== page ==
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I have pingdom monitor on my website:

http://stats.pingdom.com/t68xhgex256f/375513

For North America (big target market) the response time is 1-2 seconds. This is far too slow.

Is there anything I can do? The server is located in the UK, so distance plays a big part I imagine.

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2 Answers 2

up vote 2 down vote accepted

(I can't see your DNS figures on that page.) You can use a different DNS provider which provides a better service, you don't have to use the one that comes with your hosting or your domain name registrar.

Yes, it gets cached, so it's not every request.

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Thanks Paul, the page shows response time (my mistake sorry), isn't a large part of resposne time made by DNS lookup? –  Tom Gullen Jul 11 '11 at 11:09
    
It plays a part in the response time for the first time they check. It shouldn't be a large part. However as they're checking your site every 5 minutes it should be cached. –  paulmorriss Jul 11 '11 at 11:11
    
Thanks again, what causes a slow response time? Is it purely distance + DNS lookup? 1-2 seconds is far too slow for my site, I need it to be a lot faster :( –  Tom Gullen Jul 11 '11 at 11:12
    
It could be page size or how busy the server is, how congested the bandwidth is at the hosting company. You can use a tool like YSlow to eliminate the first thing and see if it's one of the others. –  paulmorriss Jul 11 '11 at 11:15
    
I get 91 on Yslow, I've made sure it's as fast as possible! Primed cache page sizes are 4kb - 7kb as well! I'm going to rephrase/title the question –  Tom Gullen Jul 11 '11 at 11:16

Relocating the webserver to the US will hugely improve server response time for US users. Investing in better DNS servers will also improve response time, but only for the first request.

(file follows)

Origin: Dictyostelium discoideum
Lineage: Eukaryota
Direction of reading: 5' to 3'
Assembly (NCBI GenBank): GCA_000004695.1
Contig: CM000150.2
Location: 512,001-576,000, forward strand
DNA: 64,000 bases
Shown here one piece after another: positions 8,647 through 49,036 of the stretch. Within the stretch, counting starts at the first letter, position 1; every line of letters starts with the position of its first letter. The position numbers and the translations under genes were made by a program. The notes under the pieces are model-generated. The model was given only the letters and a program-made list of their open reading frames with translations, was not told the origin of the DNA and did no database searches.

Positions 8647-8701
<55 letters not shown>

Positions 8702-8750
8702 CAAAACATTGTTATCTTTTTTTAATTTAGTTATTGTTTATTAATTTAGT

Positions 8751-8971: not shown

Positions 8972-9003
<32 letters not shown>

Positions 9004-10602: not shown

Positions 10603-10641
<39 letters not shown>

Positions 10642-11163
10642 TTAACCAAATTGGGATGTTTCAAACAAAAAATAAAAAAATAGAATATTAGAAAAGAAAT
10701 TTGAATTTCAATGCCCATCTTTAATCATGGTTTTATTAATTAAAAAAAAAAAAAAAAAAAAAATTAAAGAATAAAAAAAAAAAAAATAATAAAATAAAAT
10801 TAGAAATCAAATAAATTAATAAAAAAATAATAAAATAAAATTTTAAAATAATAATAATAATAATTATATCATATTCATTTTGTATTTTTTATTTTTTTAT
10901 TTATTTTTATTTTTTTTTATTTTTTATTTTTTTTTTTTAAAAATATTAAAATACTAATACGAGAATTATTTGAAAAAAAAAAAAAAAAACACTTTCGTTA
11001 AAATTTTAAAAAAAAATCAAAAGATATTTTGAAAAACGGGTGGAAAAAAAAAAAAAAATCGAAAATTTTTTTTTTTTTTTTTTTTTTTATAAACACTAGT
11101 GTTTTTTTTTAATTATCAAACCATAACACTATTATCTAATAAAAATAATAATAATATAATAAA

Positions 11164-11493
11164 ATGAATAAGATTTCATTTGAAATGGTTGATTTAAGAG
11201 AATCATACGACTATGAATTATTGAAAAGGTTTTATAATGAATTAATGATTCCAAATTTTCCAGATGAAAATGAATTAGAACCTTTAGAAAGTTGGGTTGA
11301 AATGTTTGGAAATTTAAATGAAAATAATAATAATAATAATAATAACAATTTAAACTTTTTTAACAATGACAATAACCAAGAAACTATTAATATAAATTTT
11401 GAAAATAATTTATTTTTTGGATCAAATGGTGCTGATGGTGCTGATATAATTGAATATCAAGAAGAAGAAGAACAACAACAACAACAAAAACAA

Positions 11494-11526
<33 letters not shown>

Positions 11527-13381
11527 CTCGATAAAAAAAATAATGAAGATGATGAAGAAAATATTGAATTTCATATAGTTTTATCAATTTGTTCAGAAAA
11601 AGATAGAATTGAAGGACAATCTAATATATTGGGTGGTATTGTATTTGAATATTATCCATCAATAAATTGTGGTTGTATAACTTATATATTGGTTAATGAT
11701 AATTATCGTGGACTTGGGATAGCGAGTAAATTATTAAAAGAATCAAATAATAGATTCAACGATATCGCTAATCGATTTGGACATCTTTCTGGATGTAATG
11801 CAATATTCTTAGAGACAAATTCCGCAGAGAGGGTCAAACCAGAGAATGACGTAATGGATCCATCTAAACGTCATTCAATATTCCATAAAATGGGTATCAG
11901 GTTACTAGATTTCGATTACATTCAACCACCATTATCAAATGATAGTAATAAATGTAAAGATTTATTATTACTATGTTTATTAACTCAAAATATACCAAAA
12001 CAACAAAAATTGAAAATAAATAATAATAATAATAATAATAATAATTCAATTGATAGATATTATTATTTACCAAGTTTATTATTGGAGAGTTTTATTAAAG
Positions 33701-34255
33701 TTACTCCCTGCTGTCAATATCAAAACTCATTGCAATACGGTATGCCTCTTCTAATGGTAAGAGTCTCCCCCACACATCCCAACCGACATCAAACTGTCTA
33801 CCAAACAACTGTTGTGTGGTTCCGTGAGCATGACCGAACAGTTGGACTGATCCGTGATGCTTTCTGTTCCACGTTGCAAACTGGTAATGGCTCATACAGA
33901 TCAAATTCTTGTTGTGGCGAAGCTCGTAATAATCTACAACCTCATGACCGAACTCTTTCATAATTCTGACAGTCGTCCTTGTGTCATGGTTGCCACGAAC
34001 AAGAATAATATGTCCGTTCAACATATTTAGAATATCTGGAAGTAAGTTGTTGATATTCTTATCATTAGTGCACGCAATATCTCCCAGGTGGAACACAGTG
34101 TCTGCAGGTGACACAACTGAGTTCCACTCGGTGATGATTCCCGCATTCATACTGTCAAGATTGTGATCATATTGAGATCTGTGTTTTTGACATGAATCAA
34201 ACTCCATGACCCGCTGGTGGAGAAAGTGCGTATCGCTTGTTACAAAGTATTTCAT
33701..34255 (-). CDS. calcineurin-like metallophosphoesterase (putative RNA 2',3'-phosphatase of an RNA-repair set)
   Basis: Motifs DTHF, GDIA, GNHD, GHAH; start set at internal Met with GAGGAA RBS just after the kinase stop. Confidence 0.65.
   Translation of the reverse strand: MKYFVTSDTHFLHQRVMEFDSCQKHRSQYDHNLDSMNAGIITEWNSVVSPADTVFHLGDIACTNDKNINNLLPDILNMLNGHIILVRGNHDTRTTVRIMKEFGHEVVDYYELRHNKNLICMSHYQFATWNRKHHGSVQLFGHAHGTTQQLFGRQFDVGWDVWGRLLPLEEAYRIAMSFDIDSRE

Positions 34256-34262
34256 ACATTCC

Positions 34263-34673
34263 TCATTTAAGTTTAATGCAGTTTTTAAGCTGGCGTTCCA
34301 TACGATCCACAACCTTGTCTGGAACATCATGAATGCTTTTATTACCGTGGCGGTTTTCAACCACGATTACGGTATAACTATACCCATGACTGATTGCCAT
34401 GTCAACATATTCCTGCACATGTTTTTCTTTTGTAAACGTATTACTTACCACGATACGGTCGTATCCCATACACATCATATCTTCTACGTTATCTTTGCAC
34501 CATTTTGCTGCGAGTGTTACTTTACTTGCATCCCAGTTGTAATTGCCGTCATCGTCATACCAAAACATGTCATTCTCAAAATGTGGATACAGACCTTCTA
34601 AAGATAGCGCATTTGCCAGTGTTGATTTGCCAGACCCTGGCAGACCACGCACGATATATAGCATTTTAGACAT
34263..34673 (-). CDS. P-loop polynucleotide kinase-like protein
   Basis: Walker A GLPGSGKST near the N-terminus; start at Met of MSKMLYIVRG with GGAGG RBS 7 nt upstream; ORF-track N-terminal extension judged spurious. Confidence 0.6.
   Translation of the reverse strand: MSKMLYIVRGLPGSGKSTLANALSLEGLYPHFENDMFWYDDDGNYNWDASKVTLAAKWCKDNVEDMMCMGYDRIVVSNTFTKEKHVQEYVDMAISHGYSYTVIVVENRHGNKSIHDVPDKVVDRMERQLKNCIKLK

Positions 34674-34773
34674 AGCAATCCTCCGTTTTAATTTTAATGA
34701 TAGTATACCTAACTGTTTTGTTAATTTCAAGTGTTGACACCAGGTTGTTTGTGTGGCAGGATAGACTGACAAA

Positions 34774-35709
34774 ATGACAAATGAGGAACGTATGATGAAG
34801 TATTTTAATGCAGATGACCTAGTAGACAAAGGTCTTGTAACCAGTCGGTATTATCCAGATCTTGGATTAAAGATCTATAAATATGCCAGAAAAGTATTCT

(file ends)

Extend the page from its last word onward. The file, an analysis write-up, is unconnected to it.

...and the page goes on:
The following analysis shows where your speed bottlenecks are at present. (Short version: most of the 1-2 seconds is the time it takes to reach the webserver, not the DNS server.)

Time taken for domain lookup (DNS response)

To determine the speed of the DNS lookup from a computer based in the US, we can use the Unix 'dig' command, or a web-based dig service based in the US, which gives us this response:

; <<>> DiG 9.6.1-P1 <<>> scirra.com
;; global options: +cmd
;; Got answer:
;; ->>HEADER<<- opcode: QUERY, status: NOERROR, id: 39135
;; flags: qr rd ra; QUERY: 1, ANSWER: 1, AUTHORITY: 2, ADDITIONAL: 2

;; QUESTION SECTION:
;scirra.com.            IN  A

;; ANSWER SECTION:
scirra.com.     3600    IN  A   84.45.57.143

;; AUTHORITY SECTION:
scirra.com.     165087  IN  NS  ns1.scirra.hypervserver.co.uk.
scirra.com.     165087  IN  NS  ns2.scirra.hypervserver.co.uk.

;; ADDITIONAL SECTION:
ns1.scirra.hypervserver.co.uk. 3600 IN  A   84.45.57.142
ns2.scirra.hypervserver.co.uk. 3600 IN  A   84.45.57.143

;; Query time: 489 msec
;; SERVER: 209.68.2.41#53(209.68.2.41)
;; WHEN: Mon Jul 11 09:17:57 2011
;; MSG SIZE  rcvd: 137

Note the "Query time: 489 msec". That tells us it took 489 milliseconds to resolve the domain name to the server's IP address (which does seem a little slow).

Time taken for server response

Next, we can check how long it takes to reach that IP address from a computer across the pond by using an online traceroute service based in Canada, which gives us the following output:

online traceroute

It takes about 730ms to reach the IP address of your server from Canada.

Conclusions and suggestions for improvement

Now we have enough data to make a conclusion. It's safe to say that the 1-2 second response time you're seeing is largely due to the fact that your server is so far away from visitors in Canada and the US. If a big proportion of your customers are in the US—and you should use your Google Analytics stats to determine this—you may wish to host the site on a server in the US rather than the UK. (You could also keep the UK server and route traffic to the nearest site using a geographical DNS service, but this might be overkill for a small site.)

You could also pay for DNS hosting with a US nameserver host such as DNS Made Easy in order to improve the initial lookup time. You're unlikely to improve it by more than around 300ms or so by doing this, so it might not make as big an impact as moving your server to the US, especially because the DNS lookup happens once per visit whereas page requests to the server are much more frequent, but using a fast DNS server is still worth doing.

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+1 for a thourough answer with great insights ... –  DKOATED Apr 23 '12 at 11:51

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